Generally, travelers carry too much information and too many items, Tallman said. Leave behind business cards, address books, and, depending on the country’s openness to the gospel, information tying oneself to the ministry.
Also family members need to know the situation of the family member on mission and be aware of what should be communicated if contacted, especially if the person on mission is serving in a sensitive country, he continued. All family members and church members should be saying the same thing.
Researching the country to be visited is important, he noted. He referred to government Internet sites including http://travel.state.gov/travel_warnings.htm (from the U.S.), http://www.voyage.gc.ca (for Canada), and www.fco.gov.uk (for the United Kingdom). Don’t forget to research the areas you will travel through, he added.
Research the culture, of course, to enable ministry by, for instance, reducing the possibility of insulting the nationals. Cultural awareness also can minimize the profile of the visitors. In this vein, people should not overdress or display their wealth, he added.
Volunteers sometimes need to wear T-shirts to identify themselves, but generally, Tallman doesn’t think it is good for all members of a group to wear the same T-shirt. This may lead to them being targeted, he said, or be an offense such as wearing the color of a sports rival or politician who is not liked.
He told of a youth group which arrived inappropriately dressed in a conservative Muslim country because, leaders explained, they were there to change the culture. They should understand that they are not there to change the culture but to tell people about Jesus Christ, observed Tallman. “If the culture needs changing, let Christ do it.”
In hotels, missions volunteers should be especially careful of opening the door of a hotel room to strangers, should avoid dark entrances and exits, vary their routine, and stay away from areas where Westerners congregate. Also, hotel rooms on floors 2-7 are the best, he said, because the first floor is too easy for bad guys to access and even the highest floors can be escaped from pretty easily.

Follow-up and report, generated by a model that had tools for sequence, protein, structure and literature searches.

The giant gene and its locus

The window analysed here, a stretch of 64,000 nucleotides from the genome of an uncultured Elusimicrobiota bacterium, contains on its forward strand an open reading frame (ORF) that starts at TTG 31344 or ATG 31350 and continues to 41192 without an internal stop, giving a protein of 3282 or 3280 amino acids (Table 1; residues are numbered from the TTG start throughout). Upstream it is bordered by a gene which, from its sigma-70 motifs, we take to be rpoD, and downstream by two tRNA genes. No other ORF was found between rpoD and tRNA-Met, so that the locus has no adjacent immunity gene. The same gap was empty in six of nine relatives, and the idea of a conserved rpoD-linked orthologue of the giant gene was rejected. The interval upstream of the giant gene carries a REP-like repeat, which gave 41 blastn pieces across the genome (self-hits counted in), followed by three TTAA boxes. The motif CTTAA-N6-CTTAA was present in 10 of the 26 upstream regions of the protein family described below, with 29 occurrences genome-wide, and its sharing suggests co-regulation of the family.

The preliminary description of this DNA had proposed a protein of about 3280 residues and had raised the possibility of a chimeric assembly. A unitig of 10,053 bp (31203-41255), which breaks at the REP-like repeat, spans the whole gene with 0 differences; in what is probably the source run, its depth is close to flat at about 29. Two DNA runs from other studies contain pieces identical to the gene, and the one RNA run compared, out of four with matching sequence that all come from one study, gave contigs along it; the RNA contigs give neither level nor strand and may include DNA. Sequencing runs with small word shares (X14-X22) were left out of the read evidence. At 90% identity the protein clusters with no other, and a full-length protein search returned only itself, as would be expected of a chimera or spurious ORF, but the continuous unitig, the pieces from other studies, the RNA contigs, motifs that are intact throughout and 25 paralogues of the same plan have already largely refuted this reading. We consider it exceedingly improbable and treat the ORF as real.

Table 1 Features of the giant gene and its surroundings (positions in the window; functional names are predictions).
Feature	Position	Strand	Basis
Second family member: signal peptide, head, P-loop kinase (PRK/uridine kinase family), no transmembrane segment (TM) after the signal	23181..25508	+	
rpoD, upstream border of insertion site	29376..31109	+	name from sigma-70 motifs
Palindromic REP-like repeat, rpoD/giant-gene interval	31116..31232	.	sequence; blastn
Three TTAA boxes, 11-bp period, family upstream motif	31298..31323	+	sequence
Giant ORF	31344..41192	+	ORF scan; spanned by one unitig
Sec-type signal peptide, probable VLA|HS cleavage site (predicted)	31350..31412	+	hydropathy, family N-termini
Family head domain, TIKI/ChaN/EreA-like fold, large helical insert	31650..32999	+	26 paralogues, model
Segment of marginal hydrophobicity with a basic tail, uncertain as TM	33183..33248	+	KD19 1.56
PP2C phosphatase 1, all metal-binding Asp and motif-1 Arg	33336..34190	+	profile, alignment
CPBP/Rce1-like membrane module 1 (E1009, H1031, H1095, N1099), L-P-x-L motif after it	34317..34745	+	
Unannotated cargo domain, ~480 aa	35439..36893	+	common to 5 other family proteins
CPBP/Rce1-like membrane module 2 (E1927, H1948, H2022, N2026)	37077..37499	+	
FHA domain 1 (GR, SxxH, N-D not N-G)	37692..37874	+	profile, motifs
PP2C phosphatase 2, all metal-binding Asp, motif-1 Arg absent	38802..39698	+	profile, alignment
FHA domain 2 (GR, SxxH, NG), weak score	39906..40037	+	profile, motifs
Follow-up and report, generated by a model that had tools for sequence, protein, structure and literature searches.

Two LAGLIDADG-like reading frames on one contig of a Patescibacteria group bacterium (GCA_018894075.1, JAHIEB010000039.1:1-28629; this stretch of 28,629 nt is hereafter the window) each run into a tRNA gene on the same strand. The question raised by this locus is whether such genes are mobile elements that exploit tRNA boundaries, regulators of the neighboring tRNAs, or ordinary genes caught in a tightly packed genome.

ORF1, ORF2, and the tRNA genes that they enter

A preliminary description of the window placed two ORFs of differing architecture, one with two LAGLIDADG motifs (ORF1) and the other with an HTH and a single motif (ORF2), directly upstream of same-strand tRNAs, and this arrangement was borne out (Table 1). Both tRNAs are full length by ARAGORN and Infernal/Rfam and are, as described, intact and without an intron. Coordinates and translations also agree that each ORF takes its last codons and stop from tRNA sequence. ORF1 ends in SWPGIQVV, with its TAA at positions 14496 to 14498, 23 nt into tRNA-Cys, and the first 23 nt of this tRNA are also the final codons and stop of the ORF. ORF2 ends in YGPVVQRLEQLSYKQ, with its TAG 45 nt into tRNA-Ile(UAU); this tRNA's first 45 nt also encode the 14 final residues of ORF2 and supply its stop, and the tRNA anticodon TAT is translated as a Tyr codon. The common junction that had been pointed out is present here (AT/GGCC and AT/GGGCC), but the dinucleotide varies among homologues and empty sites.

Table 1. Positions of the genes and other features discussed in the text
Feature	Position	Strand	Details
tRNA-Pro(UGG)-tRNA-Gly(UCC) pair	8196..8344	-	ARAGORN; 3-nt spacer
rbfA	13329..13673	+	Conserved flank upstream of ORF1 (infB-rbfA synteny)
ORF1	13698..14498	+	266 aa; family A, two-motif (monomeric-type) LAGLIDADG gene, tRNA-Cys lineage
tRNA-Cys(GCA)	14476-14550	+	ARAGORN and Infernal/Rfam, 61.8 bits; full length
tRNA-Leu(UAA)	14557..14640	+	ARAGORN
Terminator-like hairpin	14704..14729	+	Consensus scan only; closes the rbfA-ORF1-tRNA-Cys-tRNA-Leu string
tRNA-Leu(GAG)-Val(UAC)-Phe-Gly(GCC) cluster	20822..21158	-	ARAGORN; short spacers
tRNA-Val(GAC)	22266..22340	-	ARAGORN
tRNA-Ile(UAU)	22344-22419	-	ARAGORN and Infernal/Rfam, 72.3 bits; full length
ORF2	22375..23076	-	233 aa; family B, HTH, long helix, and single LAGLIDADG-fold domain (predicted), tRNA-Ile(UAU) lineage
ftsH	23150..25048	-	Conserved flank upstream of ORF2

When traveling by foot, missions volunteers should not walk close to the street which might allow a person on a scooter or in another vehicle to grab items a person is carrying.
If needing to travel by automobile, use a local driver. If renting an automobile, choose an ordinary vehicle not popular to carjackers. If carjacked, talk through the glass and keep the car running with doors and windows locked as long as possible, appear compliant to demands even when contemplating resistance or flight, and do not take the risk of dying for a car or items in a car, advised Tallman. If giving the car key to the carjacker, lay it on the car to keep distance between oneself and the carjacker.
Depending on the country, group members should consider the safety of going out on their own and/or after dark. Also, a rally point should be identified and a communication plan agreed upon so if some of the team members are isolated, “all are saying the same thing,” he advised.
In some countries it is very important to say the correct things when entering because short-term missions personnel have been denied access based on statements made to a customs/immigration officer.
In one Asian country, it is common for Westerners to be bugged and surveilled. Also, Westerners there are commonly questioned by law enforcement who often want to know who they had contact with.
Knowledge while in the country also is needed, Tallman observed. If a demonstration occurs, of course, it is not the time to visit that area.
Generally, ladies and children are more vulnerable than men, he added.
Finally, training can help a victim maintain composure, said Tallman. He told of a missionary family who was held in their home in an African country for a time. A baby was crying during the incident and one of the bad guys threatened to shoot the child if it didn’t stop crying. The mother, though tied up, calmly pointed out a pacifier to a man and told him that if he would put the pacifier in the mouth of the baby, it might help. He did, the baby quieted, and, eventually, all escaped unharmed.
“Good security is hard work,” concluded Tallman. “But it’s worth it.”